Sorting, Classifying and the Heartbreak of Wasting Food

By Cam Mather

I waste a lot of food. I guess we all do when you read some of the studies that analyze how much food ends up being wasted. (There’s good article here about the subject;

But it seems to be worse for me, because it’s so in my face. There are the cauliflowers that are going brown in the garden because I missed the window to harvest them. There are the radishes that went to seed 2 days after they were at their prime, or the beets that are the size of small pumpkins and way past their best before date.

It’s also because we can’t possibly use or save everything that we grow. This year has been better because we were selling at the market, so we got a little more efficient in terms of harvesting and using stuff. At the end of each market day I would gather up the leftovers and drop some extras in to my best customers.

It’s fall now and absolutely the best time of year here. The bugs are gone, and the days are cool. I’m always amazed at how much more I can accomplish when heat doesn’t drain my energy. Our onions are harvested and drying on racks in the horse barn. We’re just about sold out of garlic. We’re gathering the squash and getting ready to put them into the root cellar. And I spend a great deal of my time harvesting potatoes.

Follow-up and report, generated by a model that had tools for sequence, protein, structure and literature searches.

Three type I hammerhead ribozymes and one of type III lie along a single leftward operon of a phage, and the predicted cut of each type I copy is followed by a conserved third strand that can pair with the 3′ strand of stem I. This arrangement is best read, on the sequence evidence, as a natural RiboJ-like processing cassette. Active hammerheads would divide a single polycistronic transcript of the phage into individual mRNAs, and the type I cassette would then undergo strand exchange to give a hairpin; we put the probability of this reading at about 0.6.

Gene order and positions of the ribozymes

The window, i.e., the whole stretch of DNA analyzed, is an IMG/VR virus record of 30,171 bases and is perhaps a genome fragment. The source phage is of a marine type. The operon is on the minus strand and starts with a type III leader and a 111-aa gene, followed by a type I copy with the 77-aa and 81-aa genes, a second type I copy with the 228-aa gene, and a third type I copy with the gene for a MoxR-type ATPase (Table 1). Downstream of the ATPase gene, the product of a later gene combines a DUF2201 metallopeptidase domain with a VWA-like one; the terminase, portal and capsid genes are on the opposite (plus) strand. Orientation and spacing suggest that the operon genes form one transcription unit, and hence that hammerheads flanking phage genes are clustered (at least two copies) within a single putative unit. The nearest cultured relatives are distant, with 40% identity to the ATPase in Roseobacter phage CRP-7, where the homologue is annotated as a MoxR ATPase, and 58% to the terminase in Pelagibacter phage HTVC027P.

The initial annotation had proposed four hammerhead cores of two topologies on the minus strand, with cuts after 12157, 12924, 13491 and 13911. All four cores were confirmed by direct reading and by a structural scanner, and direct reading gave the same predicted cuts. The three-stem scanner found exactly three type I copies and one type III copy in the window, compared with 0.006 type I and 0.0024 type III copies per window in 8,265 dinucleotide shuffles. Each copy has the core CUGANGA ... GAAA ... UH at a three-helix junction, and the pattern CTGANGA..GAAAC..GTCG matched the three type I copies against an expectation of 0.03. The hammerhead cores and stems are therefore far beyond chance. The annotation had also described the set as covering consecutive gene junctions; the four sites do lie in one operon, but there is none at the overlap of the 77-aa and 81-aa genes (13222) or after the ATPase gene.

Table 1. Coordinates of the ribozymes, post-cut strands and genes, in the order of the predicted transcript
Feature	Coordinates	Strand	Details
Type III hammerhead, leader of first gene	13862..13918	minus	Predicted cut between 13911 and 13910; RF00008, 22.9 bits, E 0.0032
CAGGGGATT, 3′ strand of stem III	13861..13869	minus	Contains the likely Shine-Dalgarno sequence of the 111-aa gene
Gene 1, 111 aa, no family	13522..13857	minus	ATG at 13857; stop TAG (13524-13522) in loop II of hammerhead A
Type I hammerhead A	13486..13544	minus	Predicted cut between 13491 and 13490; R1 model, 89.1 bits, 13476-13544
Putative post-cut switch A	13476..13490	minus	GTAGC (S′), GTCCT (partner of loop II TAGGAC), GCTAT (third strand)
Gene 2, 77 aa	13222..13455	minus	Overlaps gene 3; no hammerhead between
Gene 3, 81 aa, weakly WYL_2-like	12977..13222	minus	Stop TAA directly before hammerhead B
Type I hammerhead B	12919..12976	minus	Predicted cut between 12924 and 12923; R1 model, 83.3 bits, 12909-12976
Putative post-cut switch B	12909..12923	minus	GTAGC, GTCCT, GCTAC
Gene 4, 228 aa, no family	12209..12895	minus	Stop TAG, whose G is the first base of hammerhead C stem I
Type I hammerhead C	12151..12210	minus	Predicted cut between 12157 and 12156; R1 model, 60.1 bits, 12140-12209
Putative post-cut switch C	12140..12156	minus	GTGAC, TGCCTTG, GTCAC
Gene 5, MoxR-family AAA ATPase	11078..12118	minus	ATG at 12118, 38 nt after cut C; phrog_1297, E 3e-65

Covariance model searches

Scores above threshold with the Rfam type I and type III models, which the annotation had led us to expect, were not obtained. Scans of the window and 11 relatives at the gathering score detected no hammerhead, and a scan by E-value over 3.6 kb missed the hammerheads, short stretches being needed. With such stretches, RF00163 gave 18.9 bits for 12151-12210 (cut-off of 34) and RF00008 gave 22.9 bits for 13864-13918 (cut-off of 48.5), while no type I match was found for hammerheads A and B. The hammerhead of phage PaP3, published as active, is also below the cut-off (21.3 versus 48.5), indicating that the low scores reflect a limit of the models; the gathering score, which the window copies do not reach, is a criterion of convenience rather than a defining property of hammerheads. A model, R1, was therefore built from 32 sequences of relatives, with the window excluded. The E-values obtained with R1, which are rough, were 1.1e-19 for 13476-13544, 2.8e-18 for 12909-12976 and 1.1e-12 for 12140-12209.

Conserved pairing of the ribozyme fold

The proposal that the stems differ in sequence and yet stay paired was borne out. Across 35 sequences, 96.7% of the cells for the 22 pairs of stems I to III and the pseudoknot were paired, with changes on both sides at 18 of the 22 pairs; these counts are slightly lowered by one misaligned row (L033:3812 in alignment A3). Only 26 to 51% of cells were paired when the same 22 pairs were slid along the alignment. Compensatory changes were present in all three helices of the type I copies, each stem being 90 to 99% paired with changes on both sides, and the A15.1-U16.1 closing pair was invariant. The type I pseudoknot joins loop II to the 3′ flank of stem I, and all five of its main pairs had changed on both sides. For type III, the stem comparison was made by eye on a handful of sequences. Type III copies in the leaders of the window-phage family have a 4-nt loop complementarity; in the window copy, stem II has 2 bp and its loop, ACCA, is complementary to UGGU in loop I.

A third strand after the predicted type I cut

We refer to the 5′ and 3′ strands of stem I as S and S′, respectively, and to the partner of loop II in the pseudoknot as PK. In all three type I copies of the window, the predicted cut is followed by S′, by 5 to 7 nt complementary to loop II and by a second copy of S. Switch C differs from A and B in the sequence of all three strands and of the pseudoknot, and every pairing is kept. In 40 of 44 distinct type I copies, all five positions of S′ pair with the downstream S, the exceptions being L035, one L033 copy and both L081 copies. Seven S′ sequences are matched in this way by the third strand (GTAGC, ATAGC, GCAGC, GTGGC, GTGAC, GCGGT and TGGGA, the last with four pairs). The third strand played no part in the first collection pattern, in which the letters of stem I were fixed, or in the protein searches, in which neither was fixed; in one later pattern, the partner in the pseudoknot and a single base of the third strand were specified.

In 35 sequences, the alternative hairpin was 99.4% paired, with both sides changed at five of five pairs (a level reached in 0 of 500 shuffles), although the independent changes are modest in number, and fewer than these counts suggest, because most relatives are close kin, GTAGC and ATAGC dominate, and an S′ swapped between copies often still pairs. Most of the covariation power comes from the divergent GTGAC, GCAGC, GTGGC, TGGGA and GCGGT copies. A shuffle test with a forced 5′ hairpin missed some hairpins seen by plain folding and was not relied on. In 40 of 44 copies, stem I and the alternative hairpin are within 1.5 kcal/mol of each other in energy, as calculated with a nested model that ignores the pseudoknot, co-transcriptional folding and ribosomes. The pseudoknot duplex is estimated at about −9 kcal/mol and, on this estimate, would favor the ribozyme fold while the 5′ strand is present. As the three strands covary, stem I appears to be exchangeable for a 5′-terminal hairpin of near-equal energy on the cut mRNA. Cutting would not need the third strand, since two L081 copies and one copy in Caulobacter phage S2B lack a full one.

I love potatoes. I think I could be a potato-tarian. If I could take just one food to a desert island, it would be potatoes. And I’m not alone. The United Nations declared 2008 the International Year of the Potato because: “The potato produces more nutritious food more quickly, on less land, and in harsher climates than any other major crop—up to 85 percent of the plant is edible human food, compared to around 50 percent in cereals.” What I take from this is that even if you don’t have great soil, potatoes allow to you to maximize the nutrition you get out of the soil by producing a healthy, long- lasting source of food energy. The fact that they keep so well with almost no energy inputs make them the perfect food for the future.

Here’s what I wrote about them in my book “The All You Can Eat Gardening Handbook:”

“Potatoes have more protein than human breast milk, and since our protein needs are greatest when we’re newborns and are doubling our weight every six months, it’s obvious that we can get all the protein we need from a potato. The amino-acid pattern of the protein in a potato is well matched to what humans need. Potatoes are very rich in many minerals and vitamins, providing one-fifth of our daily potassium requirement, and are particularly high in vitamin C. A single medium-sized potato contains about half the recommended daily intake of vitamin C, so if you’re having a crisis of conscience about that morning glass of orange juice that’s trucked from the south to your breakfast table, don’t worry; the potato has you covered.”